The Working Group on Digital Publishing in Archaeology

The development of standards is ideally a communal process that solicits ideas, opinions, and experiences from those who will both create and use the standards. In the computer industry, this can include software and hardware manufacturers, content producers, and service providers. In archaeology, the producers and users are often one and the same because archaeologists not only generate commercially published monographs and numerous other types of reports about their research, they are also the principal consumers of those monographs and reports.

In order to accommodate this unique range of archaeological publishing, the Digital Imprint project gathered a distinguished group representing research archaeologists, traditional and digital publishers, museums, libraries, and the major professional organizations to begin discussions about what kinds of standards are needed and can practically be implemented for the archaeological community. The first meeting of the Working Group on Digital Publishing in Archaeology took place in January, 1999, in Los Angeles.

In its discussions, this Working Group focused on:

The guidelines developed from these discussions will be tested and revised to reflect the needs of the archaeological community. These guidelines will cover the basic forms of compatibility that producers of digital publications need for quality production.

Preliminary Standards

The discussions of the Working Group suggest that the standards being developed by the Digital Imprint project need to balance economy, timeliness, professionalism, accessibility, and ease-of-use. Some of the guidelines being developed will ensure that digital archaeology publications:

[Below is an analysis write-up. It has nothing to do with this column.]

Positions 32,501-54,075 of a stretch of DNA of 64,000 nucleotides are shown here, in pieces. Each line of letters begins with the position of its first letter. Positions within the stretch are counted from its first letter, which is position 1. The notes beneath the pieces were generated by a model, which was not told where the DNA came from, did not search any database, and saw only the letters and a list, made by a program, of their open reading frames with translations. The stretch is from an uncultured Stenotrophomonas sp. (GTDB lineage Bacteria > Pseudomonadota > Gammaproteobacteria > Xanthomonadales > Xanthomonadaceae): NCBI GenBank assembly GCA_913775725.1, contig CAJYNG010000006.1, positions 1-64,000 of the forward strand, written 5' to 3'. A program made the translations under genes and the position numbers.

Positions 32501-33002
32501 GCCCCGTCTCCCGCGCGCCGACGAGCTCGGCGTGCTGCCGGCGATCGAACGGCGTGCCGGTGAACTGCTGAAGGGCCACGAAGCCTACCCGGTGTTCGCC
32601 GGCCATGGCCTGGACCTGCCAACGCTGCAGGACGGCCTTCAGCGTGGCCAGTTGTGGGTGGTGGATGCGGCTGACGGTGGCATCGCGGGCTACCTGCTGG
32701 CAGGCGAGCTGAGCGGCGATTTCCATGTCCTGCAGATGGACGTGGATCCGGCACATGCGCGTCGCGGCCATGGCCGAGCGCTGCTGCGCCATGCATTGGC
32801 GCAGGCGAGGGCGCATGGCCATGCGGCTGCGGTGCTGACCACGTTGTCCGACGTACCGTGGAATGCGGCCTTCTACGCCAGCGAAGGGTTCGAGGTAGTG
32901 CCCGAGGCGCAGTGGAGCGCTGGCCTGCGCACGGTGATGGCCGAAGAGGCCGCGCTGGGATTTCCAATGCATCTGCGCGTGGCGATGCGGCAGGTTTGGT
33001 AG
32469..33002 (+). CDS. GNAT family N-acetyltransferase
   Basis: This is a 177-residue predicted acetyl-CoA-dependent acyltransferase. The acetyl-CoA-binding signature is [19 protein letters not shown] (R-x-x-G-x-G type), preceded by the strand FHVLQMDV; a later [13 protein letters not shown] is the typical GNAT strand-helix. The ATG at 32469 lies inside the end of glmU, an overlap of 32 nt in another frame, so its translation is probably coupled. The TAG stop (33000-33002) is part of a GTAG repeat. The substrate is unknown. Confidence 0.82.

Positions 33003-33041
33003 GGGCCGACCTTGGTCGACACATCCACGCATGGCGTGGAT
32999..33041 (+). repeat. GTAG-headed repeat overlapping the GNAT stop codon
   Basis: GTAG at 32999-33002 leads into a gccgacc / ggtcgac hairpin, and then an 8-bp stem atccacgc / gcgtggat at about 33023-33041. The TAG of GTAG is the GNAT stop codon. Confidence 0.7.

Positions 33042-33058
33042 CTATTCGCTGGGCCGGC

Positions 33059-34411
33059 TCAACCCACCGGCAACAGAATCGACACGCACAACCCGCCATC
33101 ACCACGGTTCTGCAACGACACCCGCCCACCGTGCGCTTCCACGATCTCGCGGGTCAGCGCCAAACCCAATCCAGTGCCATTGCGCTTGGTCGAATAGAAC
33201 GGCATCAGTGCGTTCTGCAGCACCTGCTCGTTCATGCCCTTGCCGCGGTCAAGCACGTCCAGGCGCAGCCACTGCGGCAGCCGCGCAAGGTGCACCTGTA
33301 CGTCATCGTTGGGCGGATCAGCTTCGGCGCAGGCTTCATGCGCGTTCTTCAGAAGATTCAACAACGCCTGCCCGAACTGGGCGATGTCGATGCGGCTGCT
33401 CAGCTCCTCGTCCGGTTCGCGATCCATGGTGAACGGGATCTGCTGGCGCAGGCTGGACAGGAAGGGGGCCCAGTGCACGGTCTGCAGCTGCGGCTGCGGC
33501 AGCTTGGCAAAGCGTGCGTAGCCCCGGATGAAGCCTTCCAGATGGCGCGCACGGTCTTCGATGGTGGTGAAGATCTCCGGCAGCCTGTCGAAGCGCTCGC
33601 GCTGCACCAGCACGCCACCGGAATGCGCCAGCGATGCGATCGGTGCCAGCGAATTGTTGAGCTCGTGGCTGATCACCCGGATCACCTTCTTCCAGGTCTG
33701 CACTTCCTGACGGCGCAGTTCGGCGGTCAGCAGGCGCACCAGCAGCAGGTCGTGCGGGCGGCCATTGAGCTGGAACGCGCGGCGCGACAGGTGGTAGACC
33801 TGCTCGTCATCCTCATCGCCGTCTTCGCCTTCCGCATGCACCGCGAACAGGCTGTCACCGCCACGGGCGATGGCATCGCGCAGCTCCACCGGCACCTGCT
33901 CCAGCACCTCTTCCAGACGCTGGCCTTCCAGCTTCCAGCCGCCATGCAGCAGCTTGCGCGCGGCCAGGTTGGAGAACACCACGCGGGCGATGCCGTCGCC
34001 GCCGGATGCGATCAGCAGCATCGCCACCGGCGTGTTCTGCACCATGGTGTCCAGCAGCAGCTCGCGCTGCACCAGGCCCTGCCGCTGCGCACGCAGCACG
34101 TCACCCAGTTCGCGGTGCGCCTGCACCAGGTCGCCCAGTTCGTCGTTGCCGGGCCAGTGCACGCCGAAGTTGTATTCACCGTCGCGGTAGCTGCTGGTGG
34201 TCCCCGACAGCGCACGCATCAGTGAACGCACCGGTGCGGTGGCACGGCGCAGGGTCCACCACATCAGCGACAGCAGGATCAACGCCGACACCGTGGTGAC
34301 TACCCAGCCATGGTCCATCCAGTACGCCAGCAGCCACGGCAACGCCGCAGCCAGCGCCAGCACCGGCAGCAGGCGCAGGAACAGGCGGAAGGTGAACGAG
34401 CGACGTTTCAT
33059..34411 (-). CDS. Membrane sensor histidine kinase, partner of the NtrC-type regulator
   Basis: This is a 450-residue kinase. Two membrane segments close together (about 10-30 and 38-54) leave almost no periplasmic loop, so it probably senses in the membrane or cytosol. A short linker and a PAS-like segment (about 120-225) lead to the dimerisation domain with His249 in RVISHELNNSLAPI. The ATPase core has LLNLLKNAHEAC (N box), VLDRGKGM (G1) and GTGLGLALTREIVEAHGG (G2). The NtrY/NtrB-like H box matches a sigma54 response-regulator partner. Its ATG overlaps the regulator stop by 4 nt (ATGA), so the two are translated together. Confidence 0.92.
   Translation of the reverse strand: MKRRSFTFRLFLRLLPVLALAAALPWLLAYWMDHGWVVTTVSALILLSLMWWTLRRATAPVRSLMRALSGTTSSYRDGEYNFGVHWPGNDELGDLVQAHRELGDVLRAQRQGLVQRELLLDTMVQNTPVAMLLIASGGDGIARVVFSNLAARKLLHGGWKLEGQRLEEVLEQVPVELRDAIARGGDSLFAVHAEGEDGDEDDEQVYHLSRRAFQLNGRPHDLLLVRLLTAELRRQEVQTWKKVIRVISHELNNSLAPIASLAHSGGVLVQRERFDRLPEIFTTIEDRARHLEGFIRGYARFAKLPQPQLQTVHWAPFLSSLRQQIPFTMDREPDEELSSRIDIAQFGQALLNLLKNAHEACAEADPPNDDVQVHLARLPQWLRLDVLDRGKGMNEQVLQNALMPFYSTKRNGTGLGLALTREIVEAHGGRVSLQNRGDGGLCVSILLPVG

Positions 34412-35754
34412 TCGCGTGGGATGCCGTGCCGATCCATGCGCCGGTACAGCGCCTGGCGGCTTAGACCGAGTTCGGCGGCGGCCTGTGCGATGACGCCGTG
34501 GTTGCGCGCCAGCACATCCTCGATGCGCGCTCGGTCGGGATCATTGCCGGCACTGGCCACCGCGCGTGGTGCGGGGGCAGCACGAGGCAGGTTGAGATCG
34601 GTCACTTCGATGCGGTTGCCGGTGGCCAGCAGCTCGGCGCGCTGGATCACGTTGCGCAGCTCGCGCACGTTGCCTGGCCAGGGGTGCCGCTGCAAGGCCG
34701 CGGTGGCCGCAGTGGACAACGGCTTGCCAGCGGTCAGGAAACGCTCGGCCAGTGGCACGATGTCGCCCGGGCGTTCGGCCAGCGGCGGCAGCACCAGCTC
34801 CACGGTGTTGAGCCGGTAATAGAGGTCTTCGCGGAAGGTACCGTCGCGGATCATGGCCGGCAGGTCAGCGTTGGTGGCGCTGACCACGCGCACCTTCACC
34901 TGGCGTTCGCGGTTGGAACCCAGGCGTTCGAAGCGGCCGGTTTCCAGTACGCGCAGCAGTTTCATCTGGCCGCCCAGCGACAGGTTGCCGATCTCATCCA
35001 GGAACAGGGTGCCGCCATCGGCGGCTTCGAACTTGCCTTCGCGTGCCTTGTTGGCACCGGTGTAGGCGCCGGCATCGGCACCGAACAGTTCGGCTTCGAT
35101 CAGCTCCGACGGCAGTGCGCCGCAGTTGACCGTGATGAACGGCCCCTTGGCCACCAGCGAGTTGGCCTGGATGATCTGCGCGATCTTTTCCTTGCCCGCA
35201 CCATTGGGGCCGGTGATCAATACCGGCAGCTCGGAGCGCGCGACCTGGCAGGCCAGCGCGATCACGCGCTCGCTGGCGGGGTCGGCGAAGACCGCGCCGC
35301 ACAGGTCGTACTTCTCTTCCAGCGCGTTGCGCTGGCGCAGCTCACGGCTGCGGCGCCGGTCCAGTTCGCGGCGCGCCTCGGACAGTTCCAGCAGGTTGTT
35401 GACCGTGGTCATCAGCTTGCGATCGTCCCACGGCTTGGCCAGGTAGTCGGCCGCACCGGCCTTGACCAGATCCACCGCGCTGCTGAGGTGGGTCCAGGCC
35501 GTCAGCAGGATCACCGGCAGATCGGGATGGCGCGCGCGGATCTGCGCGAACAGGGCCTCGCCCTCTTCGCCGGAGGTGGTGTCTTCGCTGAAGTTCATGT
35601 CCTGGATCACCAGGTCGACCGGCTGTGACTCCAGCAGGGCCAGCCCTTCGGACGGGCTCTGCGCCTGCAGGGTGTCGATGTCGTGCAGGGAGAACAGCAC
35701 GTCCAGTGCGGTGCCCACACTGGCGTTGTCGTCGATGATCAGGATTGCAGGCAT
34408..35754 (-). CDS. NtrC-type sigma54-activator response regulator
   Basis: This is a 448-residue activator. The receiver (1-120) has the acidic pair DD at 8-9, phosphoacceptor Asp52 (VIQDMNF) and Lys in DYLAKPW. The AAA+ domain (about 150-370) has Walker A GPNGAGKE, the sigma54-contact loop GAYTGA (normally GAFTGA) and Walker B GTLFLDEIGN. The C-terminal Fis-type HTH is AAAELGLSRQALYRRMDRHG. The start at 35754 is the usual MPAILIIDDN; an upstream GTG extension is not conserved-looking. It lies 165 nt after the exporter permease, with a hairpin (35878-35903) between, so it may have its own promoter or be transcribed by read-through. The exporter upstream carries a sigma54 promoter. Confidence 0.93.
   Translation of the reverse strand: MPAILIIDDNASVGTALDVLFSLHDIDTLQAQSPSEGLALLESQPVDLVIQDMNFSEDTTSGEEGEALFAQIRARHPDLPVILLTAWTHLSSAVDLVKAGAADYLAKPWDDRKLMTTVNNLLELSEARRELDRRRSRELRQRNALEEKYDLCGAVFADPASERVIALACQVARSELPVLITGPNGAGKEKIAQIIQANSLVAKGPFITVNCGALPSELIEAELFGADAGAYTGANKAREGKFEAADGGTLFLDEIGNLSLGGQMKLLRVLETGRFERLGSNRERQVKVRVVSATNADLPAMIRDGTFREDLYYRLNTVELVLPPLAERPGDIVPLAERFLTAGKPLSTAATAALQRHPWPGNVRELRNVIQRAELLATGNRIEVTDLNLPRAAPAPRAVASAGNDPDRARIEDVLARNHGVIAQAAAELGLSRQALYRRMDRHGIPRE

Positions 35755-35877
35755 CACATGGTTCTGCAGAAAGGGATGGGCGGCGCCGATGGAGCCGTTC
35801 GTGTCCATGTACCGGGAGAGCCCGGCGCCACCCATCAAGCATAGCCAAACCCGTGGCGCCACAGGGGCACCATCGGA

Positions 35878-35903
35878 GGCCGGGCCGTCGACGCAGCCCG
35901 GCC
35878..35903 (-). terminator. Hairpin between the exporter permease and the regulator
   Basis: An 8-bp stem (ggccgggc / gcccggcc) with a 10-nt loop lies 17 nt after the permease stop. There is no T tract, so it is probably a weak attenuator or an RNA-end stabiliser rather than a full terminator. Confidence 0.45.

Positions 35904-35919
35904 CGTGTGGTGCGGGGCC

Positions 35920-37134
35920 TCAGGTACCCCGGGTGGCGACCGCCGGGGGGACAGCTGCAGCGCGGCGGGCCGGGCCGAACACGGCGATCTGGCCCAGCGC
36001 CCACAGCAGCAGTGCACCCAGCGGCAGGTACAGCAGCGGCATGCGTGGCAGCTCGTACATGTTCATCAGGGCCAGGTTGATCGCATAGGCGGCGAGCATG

To meet these goals, the Digital Imprint project has been experimenting with off-the-shelf software and hardware combinations. After researching many possible alternatives ways to create such a publication, including designing its own proprietary systems, the project determined that publishing archaeological material in digital format can best be accomplished by combining commercially available, inexpensive, or free database and web browser programs. This results in publications that highlight the research questions important to archaeologists rather than focusing attention on the technology used to deliver that information.

Specifically, the project has concluded that using FileMaker® Pro and Internet Explorer 4.x is the best combination at the moment, with the web browser presenting the graphical interface and the database program presenting entire data sets that can be searched, downloaded, and analyzed. Since both the standards and the templates need to be somewhat dynamic in an ever-changing technology, these specifics will undoubtedly change in the future. But the basic concept of using off-the-shelf (or in this case off-the-Internet) software packages that are inexpensive or free, that run on any basic computer, and that seamlessly work together to create a flexible and interactive publication will stay the same.

The Digital Imprint project will be distributing its publication template and production manual by January, 2000, and will be continually revising them as other archaeologists attempt to implement the standards in their own publications. Details on the Working Group on Digital Publishing in Archaeology as well as the standards, production manual, and template will be available at: http://www.sscnet.ucla.edu/ioa/labs/digital/imprint/imprint.html.

To contact Louise Krasniewicz, director of the Digital Archaeology Lab, please see our email contacts page.

Louise Krasniewicz
Director, Digital Archaeology Lab

For other Newsletter articles concerning electronic publishing or the use of electronic media in the humanities, consult the Subject index.